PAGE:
Chinese steel mills aim to gain a greater say in the iron ore business by preferring Yuan-based settlements. On 13 May, the major mining company, BHP Group announced that it had completed its first vending of iron ore to Chinese Iron and Steel company, Baosteel, using Chinese currency. As per the announcement, the first blockchain iron ore transaction is set to between BHP and Baosteel will be completed soon.
Baoshan Iron and Steel Co Ltd (Baosteel) is a part of China Baowu Steel Group. Following the company’s successful Yuan purchase deals with Brazil-based Vale and Australia’s BHP Group earlier, the Chinese firm settled a 100 million yuan with mining company Rio Tinto Plc using blockchain technology.
First blockchain iron ore transaction worth $14.1 million (100 million yuan)
Early in January, Baosteel successfully closed a deal worth 330 million yuan of iron ore, with Brazil mining outfit Vale in the denomination of yuan. The first blockchain iron ore transaction between BHP and Baosteel reached back in April, is worth 100 million yuan.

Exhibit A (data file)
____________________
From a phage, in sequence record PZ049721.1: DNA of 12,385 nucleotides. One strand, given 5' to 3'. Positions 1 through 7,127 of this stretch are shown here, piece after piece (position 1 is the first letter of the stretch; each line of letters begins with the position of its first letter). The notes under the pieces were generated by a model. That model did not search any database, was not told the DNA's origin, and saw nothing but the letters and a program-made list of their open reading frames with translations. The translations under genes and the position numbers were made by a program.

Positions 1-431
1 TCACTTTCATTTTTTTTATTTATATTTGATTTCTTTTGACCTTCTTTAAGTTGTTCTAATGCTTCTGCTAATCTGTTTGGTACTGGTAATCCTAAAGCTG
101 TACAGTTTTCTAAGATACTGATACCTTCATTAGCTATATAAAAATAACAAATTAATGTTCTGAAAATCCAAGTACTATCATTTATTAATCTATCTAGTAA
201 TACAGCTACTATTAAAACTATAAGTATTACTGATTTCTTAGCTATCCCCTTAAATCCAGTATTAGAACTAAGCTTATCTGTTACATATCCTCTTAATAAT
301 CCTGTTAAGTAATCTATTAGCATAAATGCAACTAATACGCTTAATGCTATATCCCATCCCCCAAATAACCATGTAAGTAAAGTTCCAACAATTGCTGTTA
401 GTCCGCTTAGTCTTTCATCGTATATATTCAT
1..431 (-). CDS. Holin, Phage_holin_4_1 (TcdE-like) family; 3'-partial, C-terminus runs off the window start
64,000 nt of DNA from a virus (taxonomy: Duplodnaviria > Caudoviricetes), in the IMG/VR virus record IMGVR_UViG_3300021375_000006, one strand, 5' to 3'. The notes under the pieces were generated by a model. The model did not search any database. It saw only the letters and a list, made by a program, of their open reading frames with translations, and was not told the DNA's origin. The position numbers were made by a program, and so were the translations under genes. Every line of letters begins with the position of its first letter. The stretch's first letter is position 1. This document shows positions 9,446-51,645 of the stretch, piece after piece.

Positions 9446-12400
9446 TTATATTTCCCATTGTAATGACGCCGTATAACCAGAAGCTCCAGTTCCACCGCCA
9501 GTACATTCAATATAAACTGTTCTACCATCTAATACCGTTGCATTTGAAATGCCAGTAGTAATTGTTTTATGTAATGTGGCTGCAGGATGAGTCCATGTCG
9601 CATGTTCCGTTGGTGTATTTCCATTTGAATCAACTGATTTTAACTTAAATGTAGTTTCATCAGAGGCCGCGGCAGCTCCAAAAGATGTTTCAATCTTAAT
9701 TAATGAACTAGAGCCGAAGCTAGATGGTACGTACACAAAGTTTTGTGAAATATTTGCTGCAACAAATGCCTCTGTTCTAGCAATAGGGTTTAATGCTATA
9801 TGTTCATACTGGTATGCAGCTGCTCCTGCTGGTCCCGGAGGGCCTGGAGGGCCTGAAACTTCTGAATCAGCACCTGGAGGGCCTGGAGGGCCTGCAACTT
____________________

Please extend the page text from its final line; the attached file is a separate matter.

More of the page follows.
In fact, China is the world’s largest consumer of iron ore. Back in 2019, the country purchased 1 billion tonnes of steel-making raw materials as it seeks to procure more influence in the pricing of iron ores. The operational director of Dididsteel, Zhang Tieshan, anticipates that more deals to be inked using the Chinese yuan; as China accounts for a large percentage of iron consumption.
“China Baowu is not only China’s largest steel-maker, but also a pioneer in state-of-the-art technology application. Exploring the possibilities of yuan-denominated settlement via blockchain is a new proof,” Zhang stated.
Baosteel advocating for yuan settlements in iron ore trade
Baosteel has been advocating for yuan-denominated settlements in the iron ore trade since 2019. The Chinese company announced back in February that it had completed deals amounting to 240 million yuan in iron ore with foreign dealers in South Africa and Ukraine.
Chinese iron ore imports surged by over 11% back in April as compared to a month earlier; as Chinese steel mills rushed to rejuvenate the production rate following the damages and disruptions caused by the COVID-19 pandemic.